What did the press do with these laughable accusations? Embellished them, double and triple counted them, and reported them endlessly, to the point that no one knew how many accusations or accusers there were. They even mixed in some unfounded rumors of accusations, to just add to the confusion.

In contrast, did you know that Barack Obama was accused of some shocking behavior? Larry Sinclair, a man, told a story about how in 1999, he shared a limo with Obama, they did some lines of cocaine together, and then Larry orally gratified Obama. Larry outed Obama on YouTube, because no news outlet showed interest in his story. Instead of spending every waking moment hounding Obama about this accuser, the news media did everything they could to forget that Larry Sinclair ever existed. The ones who could not forget about Sinclair, did everything they could to discredit him. Pretty much the same thing that was done to all of the accusers of Bill Clinton.

The lesson is not about how the so-called news media engages in defamation by proxy, or about how the media is nothing more than the propaganda arm of the Democratic Party. We already knew these things.

The first lesson is that even knowing this, we still continue to fall for it. The news media has time and time again revealed that, in terms of politics and policy, it has its own agendas, which often conflict with the interests of the American people. As a conservative, one might make the general rule that the news media is the propaganda division of the opposing philosophy, yet we still allow ourselves to be influenced by it. Why would Obama's friends promote a candidate who could threaten him? Yet the candidate the media promotes is still hanging on in second place, loved by almost a full quarter of the people who want Obama gone. Fat chance, if the media gets its way. The media would certainly defame a good, strong conservative, and they did a good job, apparently.

The second lesson is a little more difficult to see, because the media has turned politics into a thick, ugly haze. How can we tell which accusations are real, and which are fake? The corruption and arrest of Rod Blagojevich (D-IL) was no surprise to the Republicans of Illinois, because the allegations were out there. The arrest was a surprise to the average voter of Illinois, because they were led to believe, by the media, that the allegations were just campaign hype.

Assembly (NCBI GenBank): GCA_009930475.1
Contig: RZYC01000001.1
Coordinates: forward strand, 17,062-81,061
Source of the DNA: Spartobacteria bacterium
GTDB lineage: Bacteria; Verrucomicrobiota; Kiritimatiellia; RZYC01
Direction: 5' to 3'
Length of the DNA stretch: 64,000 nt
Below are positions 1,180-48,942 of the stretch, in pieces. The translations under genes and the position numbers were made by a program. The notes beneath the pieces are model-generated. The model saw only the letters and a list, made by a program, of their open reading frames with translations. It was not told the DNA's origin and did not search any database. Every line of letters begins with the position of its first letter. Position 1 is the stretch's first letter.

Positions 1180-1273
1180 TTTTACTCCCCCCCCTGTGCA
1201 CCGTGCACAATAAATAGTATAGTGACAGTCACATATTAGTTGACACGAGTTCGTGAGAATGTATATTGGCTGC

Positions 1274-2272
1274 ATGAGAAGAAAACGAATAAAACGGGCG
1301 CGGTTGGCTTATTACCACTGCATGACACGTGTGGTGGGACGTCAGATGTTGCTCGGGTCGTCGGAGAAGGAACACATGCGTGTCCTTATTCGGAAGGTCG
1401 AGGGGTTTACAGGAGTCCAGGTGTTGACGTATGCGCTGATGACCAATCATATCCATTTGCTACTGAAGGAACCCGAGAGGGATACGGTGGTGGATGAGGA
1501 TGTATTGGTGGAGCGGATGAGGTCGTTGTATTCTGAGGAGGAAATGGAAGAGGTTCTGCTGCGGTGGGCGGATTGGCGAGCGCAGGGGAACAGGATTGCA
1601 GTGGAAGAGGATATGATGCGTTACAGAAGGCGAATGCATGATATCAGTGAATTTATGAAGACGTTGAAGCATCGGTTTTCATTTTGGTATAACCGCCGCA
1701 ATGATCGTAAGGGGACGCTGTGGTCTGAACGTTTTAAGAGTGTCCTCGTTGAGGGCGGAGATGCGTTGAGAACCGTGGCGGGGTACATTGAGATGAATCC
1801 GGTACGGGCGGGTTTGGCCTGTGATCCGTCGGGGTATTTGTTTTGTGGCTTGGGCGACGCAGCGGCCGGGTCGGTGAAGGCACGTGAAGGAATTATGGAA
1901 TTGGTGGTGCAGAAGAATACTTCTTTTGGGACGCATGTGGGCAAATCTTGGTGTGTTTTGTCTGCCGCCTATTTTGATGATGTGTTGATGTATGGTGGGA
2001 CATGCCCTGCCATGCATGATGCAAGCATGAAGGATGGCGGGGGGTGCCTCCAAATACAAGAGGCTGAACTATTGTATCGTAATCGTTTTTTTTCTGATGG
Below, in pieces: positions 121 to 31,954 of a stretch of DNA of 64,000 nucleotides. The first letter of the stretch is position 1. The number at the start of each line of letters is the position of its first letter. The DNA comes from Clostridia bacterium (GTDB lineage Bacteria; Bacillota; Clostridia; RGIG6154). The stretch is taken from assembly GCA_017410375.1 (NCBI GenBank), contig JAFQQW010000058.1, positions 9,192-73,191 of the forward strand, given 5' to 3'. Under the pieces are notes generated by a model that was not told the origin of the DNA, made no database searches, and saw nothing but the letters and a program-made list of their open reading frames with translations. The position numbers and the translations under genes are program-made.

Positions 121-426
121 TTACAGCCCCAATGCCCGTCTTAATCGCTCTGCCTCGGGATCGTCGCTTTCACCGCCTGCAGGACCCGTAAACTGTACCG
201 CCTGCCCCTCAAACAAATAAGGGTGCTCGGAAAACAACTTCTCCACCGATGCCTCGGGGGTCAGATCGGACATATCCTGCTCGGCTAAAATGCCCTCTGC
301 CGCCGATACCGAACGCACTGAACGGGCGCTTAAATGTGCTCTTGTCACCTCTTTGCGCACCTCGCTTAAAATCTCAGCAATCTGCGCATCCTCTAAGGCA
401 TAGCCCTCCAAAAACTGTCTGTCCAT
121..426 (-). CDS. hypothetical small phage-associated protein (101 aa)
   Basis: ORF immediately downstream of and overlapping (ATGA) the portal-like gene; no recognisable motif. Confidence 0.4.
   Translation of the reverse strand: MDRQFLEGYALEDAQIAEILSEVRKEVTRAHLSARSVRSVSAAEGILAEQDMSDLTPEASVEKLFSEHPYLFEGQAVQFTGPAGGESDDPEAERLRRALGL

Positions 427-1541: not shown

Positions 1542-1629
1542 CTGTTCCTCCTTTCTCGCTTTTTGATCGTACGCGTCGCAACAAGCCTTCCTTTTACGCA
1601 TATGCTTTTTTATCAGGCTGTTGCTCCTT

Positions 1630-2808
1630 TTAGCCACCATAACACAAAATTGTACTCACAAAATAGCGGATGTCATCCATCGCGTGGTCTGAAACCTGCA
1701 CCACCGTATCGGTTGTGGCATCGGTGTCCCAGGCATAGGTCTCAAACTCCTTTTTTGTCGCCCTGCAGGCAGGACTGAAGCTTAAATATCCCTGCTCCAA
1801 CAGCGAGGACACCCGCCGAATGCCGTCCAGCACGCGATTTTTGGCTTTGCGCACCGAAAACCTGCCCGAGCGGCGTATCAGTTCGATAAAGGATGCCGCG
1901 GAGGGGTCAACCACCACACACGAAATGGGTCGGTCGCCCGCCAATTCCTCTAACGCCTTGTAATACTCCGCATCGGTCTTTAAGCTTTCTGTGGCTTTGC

The second lesson makes a general rule: when you see smoke published about a Democrat, there is probably a roaring, multi-alarm fire. In fact, the town has probably already burned down. When you see smoke about a Republican, it is probably smoke, and there may or may not be a fire. When you see fire about a Republican, it is probably a show, so dig deep, find the unedited video or original quote, and think for yourself.

The final lesson: a functioning democracy needs a reliable news media. We do not have one, which is perhaps why we are a representative republic. News agencies are for-profit entities, and rely on customers. Find news sources that are reliable, and purchase them. Watch the channel, click on their banner ads, or subscribe to their print. For the propaganda rags, learn who they are, and do not even glance at them. Do not follow their Google hits, cancel the subscriptions, and avoid flipping through the channel (maybe even block it, and forget the code). Competition and market demand will sort this problem out, or at least to the point where the media defames everyone equally.